6. Consistent irresponsibility, as indicated by repeated failure to sustain consistent work behavior or honor financial obligations.
    7. Lack of remorse, as indicated by being indifferent to or rationalizing having hurt, mistreated, or stolen from another.

Ep-PAINE-nym



Korsakoff Syndrome

Other Known Aliases none

Definition – chronic, irreversible amnestic disorder caused by thiamine deficiency classically associated with longstanding alcohol use

Clinical Significance there are seven major symptoms of Korsakoff syndrome that can be seen clinically:

  1. Anterograde amnesia
  2. Retrograde amnesia
  3. Amnesia of fixation
  4. Confabulation
  5. Minimal content in conversation
  6. Lack of insight
  7. Apathy

This is classically taught as a continuation of Wernicke’s encephalopathy, though patients may not present in early stages.

HistoryNamed after Sergei Sergeievich Korsakoff (1854-1900), who was a Russian neuropsychiatrist and received his medical doctorate from Moscow State University in 1875. He would go on to gain fame in fields of neurology and psychiatry culminating in his appointment as professor extraordinarius at a dedicated psychiatric hospital in Moscow and helping to found the Moscow Society of Neuropathologists and Psychiatrists. His eponymous condition was first described in 1887 in his graduate thesis entitled “Alcoholic Paralysis”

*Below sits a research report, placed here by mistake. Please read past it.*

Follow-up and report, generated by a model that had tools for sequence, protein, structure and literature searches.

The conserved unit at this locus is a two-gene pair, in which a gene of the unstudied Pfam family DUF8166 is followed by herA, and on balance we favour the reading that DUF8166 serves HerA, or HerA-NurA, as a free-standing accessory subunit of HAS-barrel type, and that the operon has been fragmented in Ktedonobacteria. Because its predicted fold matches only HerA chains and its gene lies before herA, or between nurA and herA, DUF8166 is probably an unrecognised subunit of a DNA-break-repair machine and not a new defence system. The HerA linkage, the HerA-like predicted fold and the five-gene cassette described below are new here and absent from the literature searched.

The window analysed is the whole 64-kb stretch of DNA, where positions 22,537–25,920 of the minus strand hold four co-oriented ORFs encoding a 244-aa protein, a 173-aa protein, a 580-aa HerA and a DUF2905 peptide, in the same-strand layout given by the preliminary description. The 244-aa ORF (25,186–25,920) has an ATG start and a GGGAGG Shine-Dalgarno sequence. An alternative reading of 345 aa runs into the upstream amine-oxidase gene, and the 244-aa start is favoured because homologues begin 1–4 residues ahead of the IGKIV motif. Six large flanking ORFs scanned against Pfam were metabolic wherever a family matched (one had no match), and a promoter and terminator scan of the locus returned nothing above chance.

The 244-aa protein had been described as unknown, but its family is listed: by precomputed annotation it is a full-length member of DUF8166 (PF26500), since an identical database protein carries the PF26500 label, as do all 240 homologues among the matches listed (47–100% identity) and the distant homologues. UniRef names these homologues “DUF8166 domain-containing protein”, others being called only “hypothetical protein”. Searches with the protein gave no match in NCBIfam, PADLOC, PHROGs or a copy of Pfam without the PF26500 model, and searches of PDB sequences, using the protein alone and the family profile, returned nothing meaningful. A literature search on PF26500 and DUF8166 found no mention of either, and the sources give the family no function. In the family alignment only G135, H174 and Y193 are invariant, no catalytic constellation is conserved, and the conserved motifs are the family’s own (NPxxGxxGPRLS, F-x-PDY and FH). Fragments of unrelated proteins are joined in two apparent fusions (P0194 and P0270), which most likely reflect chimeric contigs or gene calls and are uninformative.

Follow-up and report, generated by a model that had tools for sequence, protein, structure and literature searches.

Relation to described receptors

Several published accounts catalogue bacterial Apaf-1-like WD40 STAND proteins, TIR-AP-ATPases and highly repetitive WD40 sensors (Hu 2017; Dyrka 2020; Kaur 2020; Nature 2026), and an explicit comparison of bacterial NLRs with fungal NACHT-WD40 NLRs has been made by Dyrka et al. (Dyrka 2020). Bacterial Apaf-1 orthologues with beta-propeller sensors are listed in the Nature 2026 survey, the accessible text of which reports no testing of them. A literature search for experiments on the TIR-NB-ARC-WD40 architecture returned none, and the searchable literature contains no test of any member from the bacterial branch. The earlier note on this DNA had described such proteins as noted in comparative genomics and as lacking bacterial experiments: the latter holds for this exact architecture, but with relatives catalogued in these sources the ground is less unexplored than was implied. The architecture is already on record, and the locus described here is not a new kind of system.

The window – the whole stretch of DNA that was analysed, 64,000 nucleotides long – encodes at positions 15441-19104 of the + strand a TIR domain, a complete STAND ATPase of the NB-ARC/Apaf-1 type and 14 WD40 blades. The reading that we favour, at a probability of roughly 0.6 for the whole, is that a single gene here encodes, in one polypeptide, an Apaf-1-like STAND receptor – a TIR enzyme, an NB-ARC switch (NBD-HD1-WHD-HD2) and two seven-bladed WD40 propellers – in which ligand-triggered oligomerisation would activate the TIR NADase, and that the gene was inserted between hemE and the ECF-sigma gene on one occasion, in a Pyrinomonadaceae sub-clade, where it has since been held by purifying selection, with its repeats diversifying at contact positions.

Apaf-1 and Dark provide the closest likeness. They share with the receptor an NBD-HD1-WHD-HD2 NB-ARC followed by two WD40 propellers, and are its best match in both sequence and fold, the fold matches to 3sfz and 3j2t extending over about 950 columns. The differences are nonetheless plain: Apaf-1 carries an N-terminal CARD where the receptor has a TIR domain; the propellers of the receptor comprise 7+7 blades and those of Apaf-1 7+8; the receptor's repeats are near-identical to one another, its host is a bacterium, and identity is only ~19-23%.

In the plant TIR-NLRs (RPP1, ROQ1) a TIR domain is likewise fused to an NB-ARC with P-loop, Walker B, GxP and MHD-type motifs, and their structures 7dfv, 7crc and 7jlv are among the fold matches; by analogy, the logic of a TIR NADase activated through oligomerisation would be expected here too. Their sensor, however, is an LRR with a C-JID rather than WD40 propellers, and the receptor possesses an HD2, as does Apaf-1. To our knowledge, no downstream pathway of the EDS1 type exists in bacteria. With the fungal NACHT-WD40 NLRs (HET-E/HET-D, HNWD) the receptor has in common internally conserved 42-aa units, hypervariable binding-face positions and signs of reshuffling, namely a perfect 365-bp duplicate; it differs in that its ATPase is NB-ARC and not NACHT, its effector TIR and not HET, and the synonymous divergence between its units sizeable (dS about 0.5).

References

  1. Firkin BG and Whitwirth JA.  Dictionary of Medical Eponyms. 2nd ed.  New York, NY; Parthenon Publishing Group. 1996.
  2. Bartolucci S, Forbis P.  Stedman’s Medical Eponyms.  2nd ed.  Baltimore, MD; LWW.  2005.
  3. Yee AJ, Pfiffner P. (2012).  Medical Eponyms (Version 1.4.2) [Mobile Application Software].  Retrieved http://itunes.apple.com.
  4. Whonamedit – dictionary of medical eponyms. http://www.whonamedit.com
  5. Up To Date. www.uptodate.com
  6. Kessels RP – Korsakoff Syndrome. The Corsini Encyclopedia of Psychology. [link]

PAINE #PANCE Pearl – Psychiatry



Question

You are asked to evaluate a 23yo male prisoner for underlying psychiatric illness prior to standing trial for his third aggravated assault arrest in 12 months. During your discussion, he discloses that he doesn’t hold jobs down very well because “his bosses are idiots”, does not speak with his family, and prefers to not have friends because “everybody is stupid”. He was expelled from 3 different high schools and finally dropped out at 16. In reviewing his criminal record with his attorney, it is revealed he has been arrested 9 times starting at age 14 for theft, burglary, assault, and intoxication infractions.

  1. What condition is high on your differential?
  2. What are the DSM-V criteria for this condition?

Ep-PAINE-nym



Tourette Syndrome

Other Known Aliases Brissaud’s Disease

Definitionneurodevelopmental disorder characterized by motor and vocal tic with onset during childhood

Clinical Significance the exact cause is still largely unknown, but likely results from a disturbance in the cortico-striatal-thalamic-cortical (mesolimbic) circuit, which leads to disinhibition of the motor and limbic system. There are no specific tests to confirm and is a clinical diagnosis. The severity of the tics largely decreases, and in some instances disappears, in adolescence and adulthood.